Recent stories surrounding National Football League (NFL) player Ray Rice have not only focused national attention on domestic violence, but have caused a public and community outcry regarding diversity, fairness, and representation within the NFL. Following a mid-September announcement by NFL Commissioner Roger Goodell to create an all-women advisory board to aid the organization in addressing the issue within its teams, the Black Women’s Roundtable sounded the alarm in opposition.

If their press conference, held in conjunction with the Congressional Black Caucus Foundation’s 44th Annual Legislative Conference on Sept. 24, is any indication of the breadth and depth of their movement, they are not backing down. “The fact that not one of the women experts appointed to the advisory board was Black is totally unacceptable,” exclaimed Melanie Campbell, president and CEO, National Coalition on Black Civic Participation and convener of the roundtable at the press conference. “Nearly 70 percent of the NFL players are Black and most of the victims are Black women and children. Clearly, Black women understand the social construct and cultural sensitivities of the victims as well as the young players from our community and can advise the NFL accordingly.”

Following Campbell’s comments, representatives of the roundtable’s member organizations each walked up to the podium one-by-one to express their support and solidarity. Attendees included: Dr. Avis Jones-DeWeever, Ph.D., Incite Unlimited LLC; Chanelle Hardy, National Urban League; Janaye Ingram, National Action Network; Teresa Younger, president, Ms. Foundation for Women; Waikinya Clanton, National Organization of Black Elected Legislative Women (NOBEL Women); Pam Meanes, National Bar Association; and Elsie Scott, PhD., Ronald W. Walters Leadership and Public Policy Center.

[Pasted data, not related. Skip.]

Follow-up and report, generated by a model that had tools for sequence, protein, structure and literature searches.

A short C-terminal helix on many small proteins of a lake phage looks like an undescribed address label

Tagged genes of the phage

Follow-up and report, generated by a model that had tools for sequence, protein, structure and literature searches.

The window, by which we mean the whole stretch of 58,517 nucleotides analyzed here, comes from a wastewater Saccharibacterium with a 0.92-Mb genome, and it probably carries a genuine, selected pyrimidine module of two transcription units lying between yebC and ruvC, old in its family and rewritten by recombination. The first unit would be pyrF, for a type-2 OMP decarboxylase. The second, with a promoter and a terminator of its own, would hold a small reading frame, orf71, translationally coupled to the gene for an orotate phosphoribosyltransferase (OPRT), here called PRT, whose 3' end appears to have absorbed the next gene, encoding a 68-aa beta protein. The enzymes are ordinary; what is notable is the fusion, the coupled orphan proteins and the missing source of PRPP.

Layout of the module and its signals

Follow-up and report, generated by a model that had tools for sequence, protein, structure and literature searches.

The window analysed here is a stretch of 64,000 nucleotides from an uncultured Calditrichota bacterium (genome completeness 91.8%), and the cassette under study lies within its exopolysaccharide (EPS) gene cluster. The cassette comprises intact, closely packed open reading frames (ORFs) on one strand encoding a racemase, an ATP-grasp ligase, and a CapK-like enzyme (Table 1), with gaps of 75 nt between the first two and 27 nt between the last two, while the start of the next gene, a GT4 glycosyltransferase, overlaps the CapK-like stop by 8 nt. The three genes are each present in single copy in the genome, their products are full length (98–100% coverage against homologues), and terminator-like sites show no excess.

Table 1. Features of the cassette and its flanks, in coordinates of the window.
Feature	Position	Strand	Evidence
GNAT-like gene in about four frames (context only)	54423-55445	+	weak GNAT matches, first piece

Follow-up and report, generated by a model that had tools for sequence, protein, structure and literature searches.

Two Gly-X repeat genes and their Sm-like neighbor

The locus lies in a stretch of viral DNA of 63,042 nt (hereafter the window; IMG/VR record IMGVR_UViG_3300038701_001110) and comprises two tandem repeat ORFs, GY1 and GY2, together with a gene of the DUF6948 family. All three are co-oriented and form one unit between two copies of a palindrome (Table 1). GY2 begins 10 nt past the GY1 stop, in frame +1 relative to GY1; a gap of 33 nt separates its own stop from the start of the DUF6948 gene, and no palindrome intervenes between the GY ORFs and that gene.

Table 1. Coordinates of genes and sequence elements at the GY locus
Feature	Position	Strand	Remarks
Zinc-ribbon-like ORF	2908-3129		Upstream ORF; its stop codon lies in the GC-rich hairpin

The purpose of the press conference was to highlight domestic abuse within the Black community, and request an emergency meeting with Goodell. During the event, information from a March 2014 research report on Black women and their families was presented. According to their research, Black women:

* Aare the most likely group of women in America to experience domestic violence;

* Are nearly three times as likely to die as a result of domestic violence than white women;

* Are only 8 percent of the population, yet 22 percent of the homicides that result from domestic violence.

D.C.’s Coalition Against Domestic Violence was also represented at the event. “The NFL’s advisory team must include Black women with a demonstrated expertise in the development and implementation of culturally specific services, policies, and programs addressing domestic violence and sexual assault in the Black community, “ said Karma Cottman, executive director of the coalition. “They must also include domestic and sexual violence organizations that are by and for the Black community.”

NFL executives answered the call by holding a meeting with members of the roundtable on Oct. 1 in New York City. Members and national Black female leaders such as U.S. Rep. Yvette Clark (D-NY), and NOBEL Women National President, Alabama State Rep. Laura Hall were in attendance. Commissioner Goodall was not in attendance. Though described as productive in an organization press release, BWR will continue to push for a meeting with the Commissioner which should occur in the next 30 – 45 days.